Muir’s early life was struck with tragedy when first his family lost their Orkney Island farm, and then two of his brothers and parents died. Adrift in Glasgow in his early teens Muir was forced to do menial jobs. By 1916, his interest in poetry and left-wing politics became evident. His first book, We Moderns, a volume of essays on contemporary issues, was published in 1918. In that same year he met his future wife, Willa Anderson, who as Willa Muir, became a well-known novelist. The two collaborated on translating more than forty novels from German, including those of Franz Kafka. First Poems, a collection of Muir’s poetry was released in 1925. In 1946 Muir became director of the British Council. In 1955 he was named the Norton Professor of Poetry at Harvard. He died in 1959.
All through that summer at ease we lay,
And daily from the turret wall
We watched the mowers in the hay
And the enemy half a mile away.
They seemed no threat to us at all.
For what, we thought, had we to fear
With our arms and provender, load on load,
Our towering battlements, tier on tier,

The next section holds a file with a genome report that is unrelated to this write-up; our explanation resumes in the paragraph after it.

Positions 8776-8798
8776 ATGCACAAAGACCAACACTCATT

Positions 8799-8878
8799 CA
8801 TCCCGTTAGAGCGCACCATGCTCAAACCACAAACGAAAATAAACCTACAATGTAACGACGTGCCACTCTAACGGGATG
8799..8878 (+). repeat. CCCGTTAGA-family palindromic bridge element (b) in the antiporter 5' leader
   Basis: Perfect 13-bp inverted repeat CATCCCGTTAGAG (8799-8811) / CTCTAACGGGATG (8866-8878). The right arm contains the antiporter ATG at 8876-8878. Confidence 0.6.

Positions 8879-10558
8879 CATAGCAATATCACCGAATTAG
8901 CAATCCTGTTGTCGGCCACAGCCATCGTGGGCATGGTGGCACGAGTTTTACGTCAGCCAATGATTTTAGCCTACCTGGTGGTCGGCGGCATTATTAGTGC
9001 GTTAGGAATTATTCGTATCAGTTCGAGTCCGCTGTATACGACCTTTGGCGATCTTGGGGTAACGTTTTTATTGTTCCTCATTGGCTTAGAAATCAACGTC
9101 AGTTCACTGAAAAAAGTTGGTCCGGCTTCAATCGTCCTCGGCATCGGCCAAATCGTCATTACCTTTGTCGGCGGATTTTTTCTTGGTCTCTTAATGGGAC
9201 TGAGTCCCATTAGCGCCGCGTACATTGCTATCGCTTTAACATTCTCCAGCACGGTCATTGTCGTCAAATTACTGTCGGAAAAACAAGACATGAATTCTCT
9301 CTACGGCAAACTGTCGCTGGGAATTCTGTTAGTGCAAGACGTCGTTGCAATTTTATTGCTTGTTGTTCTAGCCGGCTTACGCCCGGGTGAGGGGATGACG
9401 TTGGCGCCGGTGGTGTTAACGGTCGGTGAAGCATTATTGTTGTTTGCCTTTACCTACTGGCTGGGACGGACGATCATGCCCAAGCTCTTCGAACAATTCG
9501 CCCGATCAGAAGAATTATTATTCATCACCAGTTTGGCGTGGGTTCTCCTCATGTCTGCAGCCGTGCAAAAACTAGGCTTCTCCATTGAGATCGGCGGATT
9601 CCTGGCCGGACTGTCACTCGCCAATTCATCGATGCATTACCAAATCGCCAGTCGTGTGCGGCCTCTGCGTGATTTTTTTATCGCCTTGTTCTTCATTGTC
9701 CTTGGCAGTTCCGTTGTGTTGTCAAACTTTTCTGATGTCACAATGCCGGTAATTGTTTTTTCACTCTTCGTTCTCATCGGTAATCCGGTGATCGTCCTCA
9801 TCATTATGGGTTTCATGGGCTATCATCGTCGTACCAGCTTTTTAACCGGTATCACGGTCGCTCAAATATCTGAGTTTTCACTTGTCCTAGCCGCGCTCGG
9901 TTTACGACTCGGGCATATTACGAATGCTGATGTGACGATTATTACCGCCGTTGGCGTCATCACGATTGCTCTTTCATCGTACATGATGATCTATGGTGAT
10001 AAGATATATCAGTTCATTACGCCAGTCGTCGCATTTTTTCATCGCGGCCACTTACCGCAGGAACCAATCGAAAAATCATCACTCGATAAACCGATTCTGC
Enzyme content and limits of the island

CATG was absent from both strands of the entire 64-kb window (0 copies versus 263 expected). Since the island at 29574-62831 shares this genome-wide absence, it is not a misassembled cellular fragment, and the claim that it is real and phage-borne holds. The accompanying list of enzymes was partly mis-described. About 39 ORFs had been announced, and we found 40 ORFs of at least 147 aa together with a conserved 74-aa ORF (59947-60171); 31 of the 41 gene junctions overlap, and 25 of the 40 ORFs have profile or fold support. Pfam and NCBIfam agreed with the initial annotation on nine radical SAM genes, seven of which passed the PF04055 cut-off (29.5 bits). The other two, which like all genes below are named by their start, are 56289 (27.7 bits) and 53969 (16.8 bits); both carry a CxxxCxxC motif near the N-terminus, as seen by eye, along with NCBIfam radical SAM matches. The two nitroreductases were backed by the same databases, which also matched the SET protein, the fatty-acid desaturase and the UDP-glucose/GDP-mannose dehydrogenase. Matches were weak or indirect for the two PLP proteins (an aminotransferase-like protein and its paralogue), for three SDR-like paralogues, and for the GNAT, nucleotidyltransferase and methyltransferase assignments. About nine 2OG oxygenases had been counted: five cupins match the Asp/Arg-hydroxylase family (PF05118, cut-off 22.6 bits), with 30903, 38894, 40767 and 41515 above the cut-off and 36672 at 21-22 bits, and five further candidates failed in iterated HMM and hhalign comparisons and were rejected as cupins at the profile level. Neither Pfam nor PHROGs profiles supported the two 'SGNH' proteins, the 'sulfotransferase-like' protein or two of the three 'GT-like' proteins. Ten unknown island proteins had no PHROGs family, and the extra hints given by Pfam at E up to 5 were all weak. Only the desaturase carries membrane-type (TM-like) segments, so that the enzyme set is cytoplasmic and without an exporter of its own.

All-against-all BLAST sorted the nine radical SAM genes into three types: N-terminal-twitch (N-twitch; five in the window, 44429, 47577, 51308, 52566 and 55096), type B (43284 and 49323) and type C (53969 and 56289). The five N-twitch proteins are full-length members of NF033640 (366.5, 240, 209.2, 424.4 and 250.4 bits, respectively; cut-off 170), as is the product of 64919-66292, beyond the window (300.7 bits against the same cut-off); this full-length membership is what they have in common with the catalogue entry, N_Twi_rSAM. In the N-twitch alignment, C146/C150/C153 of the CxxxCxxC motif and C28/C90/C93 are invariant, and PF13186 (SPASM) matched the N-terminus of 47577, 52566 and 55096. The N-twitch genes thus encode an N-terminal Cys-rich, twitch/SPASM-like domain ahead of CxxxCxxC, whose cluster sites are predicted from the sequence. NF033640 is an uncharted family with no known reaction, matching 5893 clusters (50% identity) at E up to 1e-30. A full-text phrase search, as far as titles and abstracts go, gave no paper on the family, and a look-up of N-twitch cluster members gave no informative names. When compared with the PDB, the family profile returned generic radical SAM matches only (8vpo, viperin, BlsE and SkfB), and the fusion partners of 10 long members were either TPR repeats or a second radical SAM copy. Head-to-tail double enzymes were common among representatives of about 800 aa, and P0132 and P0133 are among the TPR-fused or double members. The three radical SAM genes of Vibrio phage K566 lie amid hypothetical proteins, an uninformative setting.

And friendly allies drawing near
On every leafy summer road.
Our gates were strong, our walls were thick,
So smooth and high, no man could win
A foothold there, no clever trick
Could take us in, have us dead or quick.
Only a bird could have got in.
What could they offer us for bait?
Our captain was brave and we were true...
There was a little private gate,
A little wicked wicket gate.
The wizened warder let them through.
Oh then our maze of tunnelled stone
Grew thin and treacherous as air.
The cause was lost without a groan,
The famous citadel overthrown,
And all its secret galleries bare.
How can this shameful tale be told?
I will maintain until my death
We could do nothing, being sold;
Our only enemy was gold,
And we had no arms to fight it with.